When it rains, the sky pours buckets on my head. It rings out my auburn curls like a sponge, leaving them damp and straight. It rolls down my shoulders, staining my light blue ballgown and chipping away at my diamond earrings. I fall to the ground, watching the last bit of sunshine fade away behind angry clouds.
When it rains, I curl my body into the smallest ball and gasp as pain flows through my body like the roaring tide. Waves crash to the surface, streaking out of my mascara-smeared eyes. I know that there are familiar people sitting next to me, chiding me, holding my hand, but my world is only wave after agonizing wave.
When it rains, I sleep hard, dreaming unsettling things. At least when I sleep, however drug-induced, I can’t feel the water pounding over my body or hear the rumbling thunder above my head. I am aware only vaguely of the strange, new faces that tell me to hold out my finger, hold out my arm, hold out my tongue. And, of course, I am always aware of the comfortingly familiar woman that sleeps as close to me as she can. I whisper in her soaked ear that I’m sorry she is caught in my rainstorm, and I drift back to sleep.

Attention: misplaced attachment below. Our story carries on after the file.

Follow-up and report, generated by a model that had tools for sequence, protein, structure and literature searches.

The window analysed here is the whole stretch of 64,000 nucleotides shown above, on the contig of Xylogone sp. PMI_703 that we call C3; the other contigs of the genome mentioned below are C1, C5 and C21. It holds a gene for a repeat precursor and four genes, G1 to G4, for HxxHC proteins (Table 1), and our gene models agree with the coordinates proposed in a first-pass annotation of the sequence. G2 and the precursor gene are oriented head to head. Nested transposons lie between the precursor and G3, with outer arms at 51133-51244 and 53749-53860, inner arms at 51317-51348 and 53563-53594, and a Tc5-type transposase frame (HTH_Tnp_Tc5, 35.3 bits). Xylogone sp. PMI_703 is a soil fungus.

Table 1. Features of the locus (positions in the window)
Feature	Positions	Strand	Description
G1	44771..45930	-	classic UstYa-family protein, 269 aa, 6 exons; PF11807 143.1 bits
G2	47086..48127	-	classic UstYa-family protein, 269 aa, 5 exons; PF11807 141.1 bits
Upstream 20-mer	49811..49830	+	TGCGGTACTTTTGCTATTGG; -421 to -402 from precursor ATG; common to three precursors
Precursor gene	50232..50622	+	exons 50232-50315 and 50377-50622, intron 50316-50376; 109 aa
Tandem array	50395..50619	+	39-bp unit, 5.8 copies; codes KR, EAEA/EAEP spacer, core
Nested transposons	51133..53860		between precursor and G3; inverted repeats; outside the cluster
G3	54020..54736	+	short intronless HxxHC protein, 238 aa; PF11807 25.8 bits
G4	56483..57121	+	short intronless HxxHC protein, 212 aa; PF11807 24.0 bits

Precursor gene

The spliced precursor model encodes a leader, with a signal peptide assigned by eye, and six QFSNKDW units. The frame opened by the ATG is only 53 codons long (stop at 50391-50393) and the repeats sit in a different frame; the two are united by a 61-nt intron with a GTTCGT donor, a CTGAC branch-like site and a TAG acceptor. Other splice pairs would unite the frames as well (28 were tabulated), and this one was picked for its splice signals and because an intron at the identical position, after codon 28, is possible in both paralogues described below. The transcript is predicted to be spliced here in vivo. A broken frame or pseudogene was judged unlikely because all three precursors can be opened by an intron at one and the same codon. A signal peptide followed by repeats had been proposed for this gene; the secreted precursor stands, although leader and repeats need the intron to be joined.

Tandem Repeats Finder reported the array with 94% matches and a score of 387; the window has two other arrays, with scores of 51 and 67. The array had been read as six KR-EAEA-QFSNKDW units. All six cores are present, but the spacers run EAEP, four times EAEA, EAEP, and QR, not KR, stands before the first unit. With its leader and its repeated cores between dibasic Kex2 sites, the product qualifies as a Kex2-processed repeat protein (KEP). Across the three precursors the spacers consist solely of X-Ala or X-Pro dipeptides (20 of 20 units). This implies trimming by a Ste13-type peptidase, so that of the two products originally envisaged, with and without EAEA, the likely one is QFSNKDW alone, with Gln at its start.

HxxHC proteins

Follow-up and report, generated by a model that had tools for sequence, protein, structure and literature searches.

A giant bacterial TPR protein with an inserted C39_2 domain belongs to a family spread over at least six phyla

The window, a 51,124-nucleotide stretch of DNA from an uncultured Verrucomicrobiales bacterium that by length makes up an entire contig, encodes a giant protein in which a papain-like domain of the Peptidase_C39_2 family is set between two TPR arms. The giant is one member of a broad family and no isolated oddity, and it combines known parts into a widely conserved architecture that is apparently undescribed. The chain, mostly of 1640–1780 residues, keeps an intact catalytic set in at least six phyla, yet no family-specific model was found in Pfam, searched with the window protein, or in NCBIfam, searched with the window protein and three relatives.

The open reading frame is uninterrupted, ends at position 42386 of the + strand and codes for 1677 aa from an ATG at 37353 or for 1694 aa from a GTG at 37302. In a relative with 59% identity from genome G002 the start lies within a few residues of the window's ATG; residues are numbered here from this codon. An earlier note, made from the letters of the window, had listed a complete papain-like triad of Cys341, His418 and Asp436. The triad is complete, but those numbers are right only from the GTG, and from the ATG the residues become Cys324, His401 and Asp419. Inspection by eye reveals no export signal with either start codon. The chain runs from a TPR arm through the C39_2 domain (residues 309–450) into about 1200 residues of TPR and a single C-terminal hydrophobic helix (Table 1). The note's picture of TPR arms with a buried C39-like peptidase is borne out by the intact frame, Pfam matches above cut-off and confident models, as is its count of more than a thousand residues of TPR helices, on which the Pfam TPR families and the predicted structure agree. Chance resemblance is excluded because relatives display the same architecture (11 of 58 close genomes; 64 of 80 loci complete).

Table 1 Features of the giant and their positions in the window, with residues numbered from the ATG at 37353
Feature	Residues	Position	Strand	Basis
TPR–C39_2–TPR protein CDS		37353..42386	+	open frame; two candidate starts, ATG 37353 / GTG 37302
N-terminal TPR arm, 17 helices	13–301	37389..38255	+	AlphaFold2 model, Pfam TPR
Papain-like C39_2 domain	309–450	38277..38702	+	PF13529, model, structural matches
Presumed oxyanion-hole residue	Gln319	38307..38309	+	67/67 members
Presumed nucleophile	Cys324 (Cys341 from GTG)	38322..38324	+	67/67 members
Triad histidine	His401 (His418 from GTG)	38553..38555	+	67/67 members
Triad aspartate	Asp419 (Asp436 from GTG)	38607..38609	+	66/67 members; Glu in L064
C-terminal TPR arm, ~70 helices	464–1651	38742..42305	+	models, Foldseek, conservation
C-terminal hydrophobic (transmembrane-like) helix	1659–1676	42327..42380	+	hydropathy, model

When it rains, I watch from my armchair as the busy world outside my window flashes by, and the joy drips away from me. I know there must be some left in me, just as I know my ballgown is hanging in the closet, but I’m still wearing the teal hospital gown that ties twice in the back. 24/7, I want only one thing: to be home, away from strange faces writing strange-sounding words next to numbers on a whiteboard. One of the strange faces looks at a picture of me in my light blue ballgown, waiting to meet that girl. And I let the rain fall.
When it rains, cloudwater floods my four-wall life, bringing with it pink flowers and lazy fat balloons, chocolate candies and baskets filled with wrapped gifts. All for me, all labelled with familiar names and faces. And even though the dark clouds still loom over my head, the rain eases to a background drizzle, and a billion dollar smile crosses my face.
When it rains, even when the sky pours down on me, I’ve learned to wear my light blue ballgown with diamond earrings and reddish-brown curls. My smile falters for a passing moment as worry flitters in my chest, but then I see the millions of hands holding out umbrellas of all shapes and sizes. Some hide familiar faces, some strange faces I’ve never seen, and others faces that are newly familiar to me. But I always look for the little black umbrella, for the face that stood with me through my harshest rainstorm yet, and together we walk through the rain.